Friday, February 27, 2015

New release roundup for February '15


- Still Alice. Honestly, it's difficult to make affliction/disease movies distinctive anymore since, by necessity, they have to follow a similar pattern: normal life, discovery of affliction, cycling through the Kubler-Ross stages until we get to the misty-eyed slow death, or something close to it, at the end. Still Alice doesn't pave any new ground in this genre, but it is well done, and Julianne Moore makes it totally watchable and believable. Moore has always been a favorite of mine, from as far back as her Paul Thomas Anderson movies Boogie Nights and Magnolia, and then discovering her older work like Safe, and enjoying her in later movies like Far From Heaven, Children of Men and The Kids are All Right. She has deserved an Oscar for a long, long time and it's wonderful to finally see her with one at last. Kudos also to Kristen Stewart. It's good to know she's still doing indie movies now that she's through with you-know-what.


Since I didn't see many new movies this month, I thought I'd use this space to address this Variety article about the Wachowski Brothers Siblings and Jupiter Ascending. The belief expressed here is that the failure of the movie to catch on with a wide audience despite its original premise somehow signals the Death Knell for Original Movies in Hollywood, and that we're just gonna get more and more sequels and comic book/video game/TV show/YA novel adaptations, forever and ever amen, and that WE DESERVE IT.

First of all, that ship has sailed years ago. Take your pick where it began: with the first Avengers movie, the first Spider-Man movie, the first X-Men movie, or maybe The Phantom Menace - doesn't matter. People have been singing this song for a long time, and the sky still has not fallen (yet).

More importantly: you wanna talk about truly original movies at the box office? Okay, let's talk about that. (All figures to follow via Box Office Mojo.) Let's talk about Neighbors and Ride Along, the top two comedies of 2014, with approximately $150 million and $134 million, respectively, on budgets of approximately $18 million and $25 million, also respectively. Let's talk about The Grand Budapest Hotel, a quirky independent film that opened on only four US screens before expansion, and went on to make $59 million domestic and $174 million worldwide.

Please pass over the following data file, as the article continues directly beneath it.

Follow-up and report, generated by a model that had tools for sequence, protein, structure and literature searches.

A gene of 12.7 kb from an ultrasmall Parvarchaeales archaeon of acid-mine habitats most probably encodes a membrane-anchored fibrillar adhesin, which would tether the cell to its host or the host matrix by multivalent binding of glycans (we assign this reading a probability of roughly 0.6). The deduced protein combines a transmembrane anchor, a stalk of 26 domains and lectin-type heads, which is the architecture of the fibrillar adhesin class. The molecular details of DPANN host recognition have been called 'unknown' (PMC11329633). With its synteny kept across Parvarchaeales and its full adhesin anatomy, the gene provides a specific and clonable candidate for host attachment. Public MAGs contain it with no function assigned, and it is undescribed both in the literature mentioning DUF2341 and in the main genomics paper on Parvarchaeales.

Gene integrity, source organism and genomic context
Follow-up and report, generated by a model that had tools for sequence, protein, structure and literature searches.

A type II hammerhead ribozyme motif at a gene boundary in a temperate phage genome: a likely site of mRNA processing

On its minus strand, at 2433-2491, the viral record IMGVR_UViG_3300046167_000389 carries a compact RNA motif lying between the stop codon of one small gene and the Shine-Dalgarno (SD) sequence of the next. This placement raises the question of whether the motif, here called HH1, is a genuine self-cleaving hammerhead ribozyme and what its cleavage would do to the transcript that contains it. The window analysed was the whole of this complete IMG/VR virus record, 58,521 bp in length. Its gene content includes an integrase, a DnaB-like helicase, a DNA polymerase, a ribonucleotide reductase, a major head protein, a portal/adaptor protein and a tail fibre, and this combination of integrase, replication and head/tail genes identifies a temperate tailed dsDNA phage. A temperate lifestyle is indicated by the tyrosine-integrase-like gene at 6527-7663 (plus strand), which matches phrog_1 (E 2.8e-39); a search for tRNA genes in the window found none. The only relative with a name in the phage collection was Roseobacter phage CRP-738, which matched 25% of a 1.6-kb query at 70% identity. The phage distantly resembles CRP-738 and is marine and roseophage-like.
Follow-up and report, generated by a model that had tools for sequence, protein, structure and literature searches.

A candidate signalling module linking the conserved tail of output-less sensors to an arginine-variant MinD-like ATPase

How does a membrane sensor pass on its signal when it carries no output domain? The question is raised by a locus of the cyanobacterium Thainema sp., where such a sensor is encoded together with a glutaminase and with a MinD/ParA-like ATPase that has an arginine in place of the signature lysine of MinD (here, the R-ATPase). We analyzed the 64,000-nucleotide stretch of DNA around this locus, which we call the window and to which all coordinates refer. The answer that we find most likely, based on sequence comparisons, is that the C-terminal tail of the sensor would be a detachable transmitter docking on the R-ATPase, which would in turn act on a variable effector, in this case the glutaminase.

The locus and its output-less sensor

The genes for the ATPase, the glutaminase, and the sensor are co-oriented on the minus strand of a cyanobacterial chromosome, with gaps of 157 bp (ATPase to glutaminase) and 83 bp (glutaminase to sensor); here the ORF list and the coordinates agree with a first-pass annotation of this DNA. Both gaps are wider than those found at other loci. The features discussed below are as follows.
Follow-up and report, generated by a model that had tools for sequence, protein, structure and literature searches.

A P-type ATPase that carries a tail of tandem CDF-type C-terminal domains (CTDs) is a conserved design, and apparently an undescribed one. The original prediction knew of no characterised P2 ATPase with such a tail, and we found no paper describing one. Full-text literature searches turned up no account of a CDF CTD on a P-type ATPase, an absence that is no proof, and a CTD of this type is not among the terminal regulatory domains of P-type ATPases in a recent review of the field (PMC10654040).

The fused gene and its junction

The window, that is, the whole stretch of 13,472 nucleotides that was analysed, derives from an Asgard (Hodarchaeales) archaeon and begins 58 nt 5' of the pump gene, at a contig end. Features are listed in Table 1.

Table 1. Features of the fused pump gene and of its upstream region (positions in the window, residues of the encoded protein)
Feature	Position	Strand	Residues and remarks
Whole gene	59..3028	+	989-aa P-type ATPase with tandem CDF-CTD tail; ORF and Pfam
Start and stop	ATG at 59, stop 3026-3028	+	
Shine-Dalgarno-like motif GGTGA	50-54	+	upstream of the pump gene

Oh, I'm sorry, you meant sci-fi movies, didn't you? Okay, how about Lucy? Last year, it made $126 million domestic and $458 million worldwide. Or better yet, Interstellar: $187 million domestic, $671 million worldwide. No one denies that the odds are more against original material than ever these days, but they're still being made and they do still succeed (regardless of quality).

Beyond the numbers, though, the point I really wanna make is this: sometimes good directors make bad movies, or at the very least, movies that underachieve. It happens. Spielberg made 1941. Coppola made One From the Heart. Bigelow made U-571. Linklater remade The Bad News Bears! They all got it out of their systems and moved on in their careers, and the Wachowskis will, too. Granted, their post-Matrix careers haven't been quite as dominant, but I'd be willing to wager that the changes in the marketplace and the industry have as much to do with that as anything else. And personally, I think they could stand to go back to their Bound days and make something smaller for a change. Might be just what they need.

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